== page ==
Saturday 29 February 2020

A very buckety day

We are well settled into our life in Agonda - the sun is hot (34-36 degrees most days,) the iced coffee is good and the gin still tastes like ethanol and burns the whole way down. Wonderful. 

Whilst we have been here we have taken the chance to unwind, and also visit a couple of the local towns. Nearest to us is Palolem, which is far busier than Agonda, but as a result has a little more of a vibe and many more shops. It also means most of the restaurants are rubbish and that beggars are allowed to do their thing along the road side. I also once had a wee in an actual hole there. So you know, take it at face value. 

(It was labelled as a toilet, I didn’t just find a hole.)

That being said, Palolem is a tourist town, and the nearest local town to us is Chaudi. It is a local town in every way, and I vividly remember heading here back in 2010 and being terrified. There are many wonderful sights and smells here, including road side tattooing, live chicken shops (then killed fresh for you), and small children pulling at your skirt with desperate hands outstretched and sad eyes.

But don’t ever let this put you off if you get the chance to visit. Every now and again they have an amazing market, full of all wonderful things and tat you’d never want in equal measure - (last month Bertie and I bought the worst bat and ball known to man) - it also has loads of useful things like chemists where you just walk up and explain your ailments and they thrust packets of 30p painkillers at you. I always stock up on the cold and flu medicine whilst I’m here - they give you the good shit. 

(In 2010, Bertie and I bought sleeping tablets from a Chaudi pharmacy for the plane on the way back. The whole flight passed in a blur, but we both woke up covered in a mixture of each other’s dribble, with everyone on the plane shooting daggers at us. From what I understand, Bertie’s snoring was catastrophic, and I have a tendency to fart relentlessly when at altitude. I imagine I was less capable of being discreet when completely passed out.)

(Don’t you dare tell me you guys don’t fart at altitude too. Have you seen what happens to plastic bottles on planes? That’s what’s going on in your insides. A fart is a helpless by-product of some serious organ squishing.)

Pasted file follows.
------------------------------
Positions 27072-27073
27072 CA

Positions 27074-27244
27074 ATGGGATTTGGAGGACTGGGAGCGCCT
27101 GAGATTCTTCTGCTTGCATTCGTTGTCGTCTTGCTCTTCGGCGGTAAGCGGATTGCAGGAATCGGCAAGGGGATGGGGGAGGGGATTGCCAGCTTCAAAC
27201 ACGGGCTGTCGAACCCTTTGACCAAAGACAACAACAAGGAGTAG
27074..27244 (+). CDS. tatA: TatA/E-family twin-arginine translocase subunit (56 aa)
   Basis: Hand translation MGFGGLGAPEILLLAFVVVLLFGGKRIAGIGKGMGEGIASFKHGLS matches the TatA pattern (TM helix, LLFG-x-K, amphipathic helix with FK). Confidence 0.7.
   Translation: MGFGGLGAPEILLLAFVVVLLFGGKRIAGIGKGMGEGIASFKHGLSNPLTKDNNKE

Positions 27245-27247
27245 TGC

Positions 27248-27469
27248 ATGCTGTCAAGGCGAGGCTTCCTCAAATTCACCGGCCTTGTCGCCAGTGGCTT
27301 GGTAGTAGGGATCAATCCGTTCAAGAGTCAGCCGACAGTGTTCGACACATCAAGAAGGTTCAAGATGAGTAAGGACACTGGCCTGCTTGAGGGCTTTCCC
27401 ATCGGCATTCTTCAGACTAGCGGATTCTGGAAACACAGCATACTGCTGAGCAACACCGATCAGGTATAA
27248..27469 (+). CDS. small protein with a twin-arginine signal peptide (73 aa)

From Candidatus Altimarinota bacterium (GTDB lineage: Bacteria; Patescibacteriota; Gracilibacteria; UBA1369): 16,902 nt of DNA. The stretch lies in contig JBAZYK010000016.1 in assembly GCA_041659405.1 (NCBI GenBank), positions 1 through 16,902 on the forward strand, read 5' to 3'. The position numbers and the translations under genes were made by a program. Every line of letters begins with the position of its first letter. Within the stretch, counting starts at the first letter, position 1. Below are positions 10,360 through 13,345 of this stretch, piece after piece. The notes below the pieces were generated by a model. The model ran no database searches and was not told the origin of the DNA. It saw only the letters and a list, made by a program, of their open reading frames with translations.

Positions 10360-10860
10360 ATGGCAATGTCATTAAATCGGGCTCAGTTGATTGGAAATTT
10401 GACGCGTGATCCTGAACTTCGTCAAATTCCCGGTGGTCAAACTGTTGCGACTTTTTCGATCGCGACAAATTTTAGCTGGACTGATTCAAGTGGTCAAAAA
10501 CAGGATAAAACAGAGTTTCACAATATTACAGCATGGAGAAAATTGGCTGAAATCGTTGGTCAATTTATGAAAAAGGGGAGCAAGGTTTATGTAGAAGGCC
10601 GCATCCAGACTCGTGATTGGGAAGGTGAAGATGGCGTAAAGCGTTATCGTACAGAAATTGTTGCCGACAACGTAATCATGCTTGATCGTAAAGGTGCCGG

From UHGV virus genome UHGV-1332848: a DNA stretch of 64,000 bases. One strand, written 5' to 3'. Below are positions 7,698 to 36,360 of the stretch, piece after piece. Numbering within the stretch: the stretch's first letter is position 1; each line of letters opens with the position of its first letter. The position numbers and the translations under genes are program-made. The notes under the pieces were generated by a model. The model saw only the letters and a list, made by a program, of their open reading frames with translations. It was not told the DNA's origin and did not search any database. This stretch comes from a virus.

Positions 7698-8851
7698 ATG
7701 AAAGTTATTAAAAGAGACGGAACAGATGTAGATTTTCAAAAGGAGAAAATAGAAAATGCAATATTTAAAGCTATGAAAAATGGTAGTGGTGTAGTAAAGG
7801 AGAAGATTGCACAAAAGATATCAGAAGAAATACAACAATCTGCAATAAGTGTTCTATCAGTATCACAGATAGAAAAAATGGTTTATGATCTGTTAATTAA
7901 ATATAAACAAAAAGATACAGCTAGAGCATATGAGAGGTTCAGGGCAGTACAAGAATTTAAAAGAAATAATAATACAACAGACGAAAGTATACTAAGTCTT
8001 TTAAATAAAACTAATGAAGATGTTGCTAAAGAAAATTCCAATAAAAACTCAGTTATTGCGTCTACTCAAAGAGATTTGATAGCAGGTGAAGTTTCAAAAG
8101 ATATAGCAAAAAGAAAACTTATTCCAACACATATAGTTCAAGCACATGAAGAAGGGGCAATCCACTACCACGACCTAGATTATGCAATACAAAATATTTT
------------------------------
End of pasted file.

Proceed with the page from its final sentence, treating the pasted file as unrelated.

Anyway, despite trying to relax, there’s already been the most ridiculous evening - we went to buy a softly tinted bulb for our room as the one we have been given is quite stark. We chose a soft green hue from the corner shop (that I have consistently referred to as “Tesco”, and I’m very pleased to say it caught on between all our friends,) and as the evening fell last night, Bertie borrowed a chair from the restaurant to plug it in. Imagine our joy when it turned out to be a DISCO BULB. Our hut looked like some kind of ravers dream. We thought it was the best thing ever. Until bedtime, at least. 

It turns out the disco bulb didn’t like being turned off, and continued to sullenly flash lime green and blue light relentlessly. We (being both naked and already in bed) furiously ignored this, whilst also trying to ignore the increasing dog howls happening outside our window. This went on for two hours. 

It turns out the dogs REALLY don’t like endless green and blue flashings. I thought they were colourblind. Apparently not. 

After mutually agreeing that we needed to remove the bulb, but also not wanting to leave the room to get the chair; I suggested standing on the bathroom bucket - often used for bum washing, if you’re that way inclined. 

Well, my lovely readers, Bertie went straight through that bucket like a hot knife through butter. However, all credit to him, he did manage to take the bulb down at the same time. 

So that’s how today we ended up in Chaudi, buying a new bucket, and trying to work out how we explain to the owner what happened to the old one. 

Its only been four days! 

Wednesday 26 February 2020